“The forced removal from office of a dictator, who, by that time, posed zero threat to the security interests of the US, France and the UK, led to the effort to do likewise with Assad, beginning a chain of consequences that are these days ending up as corpses in refrigerator vans across the western part of Europe. Each such death is the direct consequence of decisions taken by Hillary Clinton, Nicolas Sarkozy—later followed by Francois Hollande—and David Cameron, but in obedience to the principle that members of the NATO alliance cannot by definition be guilty of human rights violations, blame is being placed on ‘people smugglers.'” – Prof Madhav Nalapat
It must be difficult to escape from visions of grandeur, when one is the leader of a country which controlled a significant portion of the globe’s land area less than a century ago. Each of us has known a compulsive do-gooder, who is never at ease unless he or she seeks to “make things better” through interventions, which usually end up making a bad situation worse. Having crammed the histories of France and the UK in their school years, it is obviously difficult to let go of the illusion that a similar degree of influence (of course, this time of the “soft” variety) can still be conjured up within former colonies. In 2011, there was a frenzy of do-gooding among the former colonial powers of Europe, joined by the US, whose foreign policy was being substantially shaped by an individual who from the start has been more European than American in her reflexes, Hillary Rodham Clinton. The cry to “make things better” was initiated by a French thinker, who passes off as a philosopher, who called on French President Nicolas Sarkozy to “save hundreds of thousands of innocent people at Benghazi”. How was this very commendable task to be achieved? By unleashing bombs and missiles at clusters of human beings in Libya identified by secretive local agents as being “Gaddafi men” (and therefore not deserving of life). Sarkozy, eager to prove that rumours that he had received lavish gifts from Muammar Gaddafi were false, led a lynch mob joined by David Cameron and Hillary Clinton who finally got their man, who just years ago had turned over his WMD supplies and his military secrets to his future executioners.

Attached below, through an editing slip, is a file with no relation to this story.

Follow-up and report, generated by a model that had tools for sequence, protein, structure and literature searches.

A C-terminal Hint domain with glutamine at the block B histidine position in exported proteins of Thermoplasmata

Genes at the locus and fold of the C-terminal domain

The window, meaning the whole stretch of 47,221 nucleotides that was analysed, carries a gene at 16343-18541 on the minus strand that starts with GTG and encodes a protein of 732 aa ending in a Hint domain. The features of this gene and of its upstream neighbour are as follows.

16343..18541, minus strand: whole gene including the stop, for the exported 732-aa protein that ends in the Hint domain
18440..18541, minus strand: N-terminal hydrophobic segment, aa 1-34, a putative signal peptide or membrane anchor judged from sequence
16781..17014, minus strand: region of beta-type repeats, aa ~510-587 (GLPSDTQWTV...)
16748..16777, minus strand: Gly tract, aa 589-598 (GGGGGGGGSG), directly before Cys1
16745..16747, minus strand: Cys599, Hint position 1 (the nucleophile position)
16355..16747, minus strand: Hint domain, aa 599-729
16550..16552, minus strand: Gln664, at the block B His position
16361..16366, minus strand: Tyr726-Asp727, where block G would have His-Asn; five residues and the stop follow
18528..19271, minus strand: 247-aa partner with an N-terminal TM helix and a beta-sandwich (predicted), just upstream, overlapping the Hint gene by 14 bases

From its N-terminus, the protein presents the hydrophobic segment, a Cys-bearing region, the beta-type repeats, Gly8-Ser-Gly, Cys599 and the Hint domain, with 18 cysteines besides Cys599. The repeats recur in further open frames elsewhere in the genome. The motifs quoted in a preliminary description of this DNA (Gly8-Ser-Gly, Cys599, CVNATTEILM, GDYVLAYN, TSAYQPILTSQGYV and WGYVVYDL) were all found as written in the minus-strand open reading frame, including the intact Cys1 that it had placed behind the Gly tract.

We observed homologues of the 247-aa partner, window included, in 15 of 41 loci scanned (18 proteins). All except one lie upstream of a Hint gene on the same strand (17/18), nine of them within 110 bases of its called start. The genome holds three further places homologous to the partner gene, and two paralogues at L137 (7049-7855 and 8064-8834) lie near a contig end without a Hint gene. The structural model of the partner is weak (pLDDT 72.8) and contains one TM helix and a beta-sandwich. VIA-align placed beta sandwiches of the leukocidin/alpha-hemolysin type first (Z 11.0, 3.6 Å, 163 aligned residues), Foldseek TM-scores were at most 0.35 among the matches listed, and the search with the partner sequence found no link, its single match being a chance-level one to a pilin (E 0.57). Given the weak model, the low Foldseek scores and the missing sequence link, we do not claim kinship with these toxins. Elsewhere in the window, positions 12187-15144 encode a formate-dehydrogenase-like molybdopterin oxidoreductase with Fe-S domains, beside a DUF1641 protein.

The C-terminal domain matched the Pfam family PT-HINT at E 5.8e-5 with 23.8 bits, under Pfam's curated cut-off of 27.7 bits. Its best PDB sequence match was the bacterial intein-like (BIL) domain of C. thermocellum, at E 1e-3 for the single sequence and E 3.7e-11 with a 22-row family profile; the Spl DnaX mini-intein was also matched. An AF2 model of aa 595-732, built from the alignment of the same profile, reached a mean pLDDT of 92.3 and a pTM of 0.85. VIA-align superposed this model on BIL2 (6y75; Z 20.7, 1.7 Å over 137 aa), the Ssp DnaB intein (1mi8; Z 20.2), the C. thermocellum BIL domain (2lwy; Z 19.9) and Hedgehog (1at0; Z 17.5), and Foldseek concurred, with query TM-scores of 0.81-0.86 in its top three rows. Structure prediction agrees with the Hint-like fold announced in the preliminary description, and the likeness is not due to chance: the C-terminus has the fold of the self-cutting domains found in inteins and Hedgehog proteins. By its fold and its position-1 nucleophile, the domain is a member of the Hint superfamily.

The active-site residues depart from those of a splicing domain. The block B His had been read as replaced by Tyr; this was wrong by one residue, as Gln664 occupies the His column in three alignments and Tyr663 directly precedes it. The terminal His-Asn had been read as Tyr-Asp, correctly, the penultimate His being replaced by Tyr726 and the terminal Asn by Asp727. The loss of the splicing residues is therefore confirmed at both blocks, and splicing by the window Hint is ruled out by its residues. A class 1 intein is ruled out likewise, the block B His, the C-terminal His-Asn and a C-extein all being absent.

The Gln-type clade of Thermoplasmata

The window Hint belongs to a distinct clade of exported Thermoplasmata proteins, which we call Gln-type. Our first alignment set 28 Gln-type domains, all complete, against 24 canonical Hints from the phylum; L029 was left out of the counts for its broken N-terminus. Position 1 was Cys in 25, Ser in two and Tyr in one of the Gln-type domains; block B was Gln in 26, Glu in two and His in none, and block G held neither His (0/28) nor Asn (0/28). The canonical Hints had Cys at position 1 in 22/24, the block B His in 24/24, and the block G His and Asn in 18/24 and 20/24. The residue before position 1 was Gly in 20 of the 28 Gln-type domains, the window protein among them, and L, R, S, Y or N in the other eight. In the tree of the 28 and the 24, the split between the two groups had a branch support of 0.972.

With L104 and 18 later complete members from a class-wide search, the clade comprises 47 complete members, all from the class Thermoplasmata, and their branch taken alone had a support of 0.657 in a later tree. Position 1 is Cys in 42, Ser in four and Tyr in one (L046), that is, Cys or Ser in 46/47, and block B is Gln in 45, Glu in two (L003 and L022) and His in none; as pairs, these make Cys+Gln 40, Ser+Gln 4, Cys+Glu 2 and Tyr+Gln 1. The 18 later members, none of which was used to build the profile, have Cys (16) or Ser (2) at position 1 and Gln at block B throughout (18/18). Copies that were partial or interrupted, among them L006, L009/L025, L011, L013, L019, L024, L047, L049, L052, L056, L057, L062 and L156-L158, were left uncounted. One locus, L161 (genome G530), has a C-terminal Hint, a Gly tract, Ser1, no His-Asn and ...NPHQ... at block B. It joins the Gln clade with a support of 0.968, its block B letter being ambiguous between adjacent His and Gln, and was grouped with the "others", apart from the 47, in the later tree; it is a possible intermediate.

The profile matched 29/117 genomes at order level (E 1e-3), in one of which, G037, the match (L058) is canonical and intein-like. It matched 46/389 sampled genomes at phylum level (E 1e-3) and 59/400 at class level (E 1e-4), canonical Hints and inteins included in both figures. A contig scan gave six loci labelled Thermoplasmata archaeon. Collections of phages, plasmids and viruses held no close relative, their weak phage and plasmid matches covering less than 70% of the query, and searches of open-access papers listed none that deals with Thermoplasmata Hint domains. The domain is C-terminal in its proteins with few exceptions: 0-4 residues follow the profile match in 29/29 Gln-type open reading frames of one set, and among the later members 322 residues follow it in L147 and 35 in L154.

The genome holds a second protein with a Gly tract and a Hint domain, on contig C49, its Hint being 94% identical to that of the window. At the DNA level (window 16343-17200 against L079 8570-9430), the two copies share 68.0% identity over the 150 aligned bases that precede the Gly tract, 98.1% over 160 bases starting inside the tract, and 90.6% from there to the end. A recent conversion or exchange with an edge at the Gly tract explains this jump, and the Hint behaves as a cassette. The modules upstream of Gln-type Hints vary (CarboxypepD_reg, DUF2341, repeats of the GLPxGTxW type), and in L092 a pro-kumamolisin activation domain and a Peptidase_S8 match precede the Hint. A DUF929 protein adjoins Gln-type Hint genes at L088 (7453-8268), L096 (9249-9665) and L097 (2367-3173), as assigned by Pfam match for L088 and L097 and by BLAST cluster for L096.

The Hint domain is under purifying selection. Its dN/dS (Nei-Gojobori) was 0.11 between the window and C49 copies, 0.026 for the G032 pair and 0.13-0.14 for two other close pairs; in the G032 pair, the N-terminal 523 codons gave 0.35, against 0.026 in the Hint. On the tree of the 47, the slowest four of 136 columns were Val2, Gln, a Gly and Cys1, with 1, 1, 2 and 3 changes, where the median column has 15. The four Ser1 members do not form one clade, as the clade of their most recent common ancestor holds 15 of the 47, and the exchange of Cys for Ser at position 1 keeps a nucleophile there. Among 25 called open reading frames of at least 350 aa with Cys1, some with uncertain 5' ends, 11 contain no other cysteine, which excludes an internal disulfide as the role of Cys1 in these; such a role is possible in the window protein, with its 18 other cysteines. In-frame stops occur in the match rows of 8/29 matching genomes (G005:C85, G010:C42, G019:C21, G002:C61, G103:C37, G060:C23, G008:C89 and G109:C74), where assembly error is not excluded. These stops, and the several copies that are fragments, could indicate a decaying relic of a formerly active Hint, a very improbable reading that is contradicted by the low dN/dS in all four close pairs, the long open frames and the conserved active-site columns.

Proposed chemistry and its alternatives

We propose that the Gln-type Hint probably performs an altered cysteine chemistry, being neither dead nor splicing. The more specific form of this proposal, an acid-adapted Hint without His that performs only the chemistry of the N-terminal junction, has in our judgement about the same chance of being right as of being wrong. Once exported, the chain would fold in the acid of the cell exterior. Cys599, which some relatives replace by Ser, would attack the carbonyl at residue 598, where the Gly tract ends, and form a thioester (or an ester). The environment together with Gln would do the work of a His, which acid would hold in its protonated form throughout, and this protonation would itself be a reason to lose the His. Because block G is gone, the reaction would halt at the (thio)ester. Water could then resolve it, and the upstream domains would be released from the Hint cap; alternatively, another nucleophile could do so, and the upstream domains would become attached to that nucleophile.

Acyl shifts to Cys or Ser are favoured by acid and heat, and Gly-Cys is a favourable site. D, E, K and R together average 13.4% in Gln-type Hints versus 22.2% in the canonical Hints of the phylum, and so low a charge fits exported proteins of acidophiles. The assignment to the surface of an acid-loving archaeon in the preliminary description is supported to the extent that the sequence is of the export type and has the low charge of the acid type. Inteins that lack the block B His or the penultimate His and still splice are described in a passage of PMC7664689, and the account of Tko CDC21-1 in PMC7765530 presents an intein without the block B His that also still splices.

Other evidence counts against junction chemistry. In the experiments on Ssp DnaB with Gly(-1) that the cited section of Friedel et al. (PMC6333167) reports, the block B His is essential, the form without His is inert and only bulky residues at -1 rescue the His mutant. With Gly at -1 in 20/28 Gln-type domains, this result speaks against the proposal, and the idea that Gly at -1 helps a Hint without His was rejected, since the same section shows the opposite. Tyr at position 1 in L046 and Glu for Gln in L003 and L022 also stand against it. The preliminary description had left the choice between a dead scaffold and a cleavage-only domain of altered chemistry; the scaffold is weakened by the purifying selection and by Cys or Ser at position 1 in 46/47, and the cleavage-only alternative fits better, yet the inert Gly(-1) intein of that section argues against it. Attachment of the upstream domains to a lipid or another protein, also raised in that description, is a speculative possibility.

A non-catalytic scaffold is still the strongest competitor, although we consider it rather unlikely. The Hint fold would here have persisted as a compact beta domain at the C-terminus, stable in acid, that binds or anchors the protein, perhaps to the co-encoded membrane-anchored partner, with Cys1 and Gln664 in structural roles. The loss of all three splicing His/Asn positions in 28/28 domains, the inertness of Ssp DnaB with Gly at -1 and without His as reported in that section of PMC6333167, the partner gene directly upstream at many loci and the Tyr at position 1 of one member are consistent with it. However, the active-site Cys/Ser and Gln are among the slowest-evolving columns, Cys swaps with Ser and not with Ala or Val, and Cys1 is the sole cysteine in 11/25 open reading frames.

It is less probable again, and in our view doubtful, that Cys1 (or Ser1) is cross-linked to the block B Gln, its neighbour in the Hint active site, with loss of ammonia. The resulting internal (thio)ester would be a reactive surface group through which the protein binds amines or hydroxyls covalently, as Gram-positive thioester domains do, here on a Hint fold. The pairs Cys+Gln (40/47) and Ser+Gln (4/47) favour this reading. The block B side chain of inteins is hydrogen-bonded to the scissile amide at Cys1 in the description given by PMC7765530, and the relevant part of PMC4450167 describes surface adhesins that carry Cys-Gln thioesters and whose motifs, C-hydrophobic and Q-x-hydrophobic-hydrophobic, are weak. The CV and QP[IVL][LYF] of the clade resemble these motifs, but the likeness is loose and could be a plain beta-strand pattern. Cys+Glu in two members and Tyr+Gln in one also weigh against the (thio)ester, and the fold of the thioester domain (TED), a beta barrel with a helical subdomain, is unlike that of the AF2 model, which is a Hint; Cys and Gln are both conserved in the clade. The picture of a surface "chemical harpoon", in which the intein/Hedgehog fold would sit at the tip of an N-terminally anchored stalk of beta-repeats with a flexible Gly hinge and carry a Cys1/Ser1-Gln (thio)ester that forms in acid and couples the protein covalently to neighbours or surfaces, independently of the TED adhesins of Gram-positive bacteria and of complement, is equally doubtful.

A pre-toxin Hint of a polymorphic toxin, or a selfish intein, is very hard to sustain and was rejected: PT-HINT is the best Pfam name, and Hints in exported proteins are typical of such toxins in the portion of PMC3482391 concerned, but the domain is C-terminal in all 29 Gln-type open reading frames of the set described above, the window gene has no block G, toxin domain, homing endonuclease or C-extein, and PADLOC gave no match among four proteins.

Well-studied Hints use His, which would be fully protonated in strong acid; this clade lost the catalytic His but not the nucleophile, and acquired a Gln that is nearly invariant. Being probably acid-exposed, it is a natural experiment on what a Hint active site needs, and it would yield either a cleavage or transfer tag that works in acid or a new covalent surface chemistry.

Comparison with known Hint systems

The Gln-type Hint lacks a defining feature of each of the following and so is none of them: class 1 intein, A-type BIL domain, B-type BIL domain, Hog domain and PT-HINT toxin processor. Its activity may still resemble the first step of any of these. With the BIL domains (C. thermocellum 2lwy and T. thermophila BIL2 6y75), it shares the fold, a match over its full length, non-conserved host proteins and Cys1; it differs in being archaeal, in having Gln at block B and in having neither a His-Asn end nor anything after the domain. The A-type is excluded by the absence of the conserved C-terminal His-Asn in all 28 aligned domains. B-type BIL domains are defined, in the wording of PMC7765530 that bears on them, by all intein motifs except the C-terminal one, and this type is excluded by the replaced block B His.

Having rid Libyans of dictatorship and introduced “democracy” via rule by local warlords and terror gangs, the do-gooder trio turned to Syria, marking Bashar Assad for the same fate as the Libyan dictator. In Libya, about a fourth of the country’s tribes—mostly located in the east and to a smaller extent, in the centre—wanted Gaddafi to go, mainly for tribal reasons, or because he was seen as an apostate by Wahhabis. Together with targeted attacks by NATO, such support proved sufficient to defeat Gaddafi. However, in Syria, the proportion of Wahhabis within the Sunni population is less than 15%, while this time around, Moscow growled in menace at the prospect of one of its closest allies being taken down and replaced by a hitherto nameless individual chosen by a half-dozen secret services for the single quality of docile obedience to their commands, which were often delivered in public, on the Iraq model. From the start, the fighting was done by the more fanatic amongst those who sought the ouster of Assad, mainly because he was an Alawite, a sect regarded with as much hatred amongst Wahhabis in Syria as Ahmadiyyas are in Pakistan.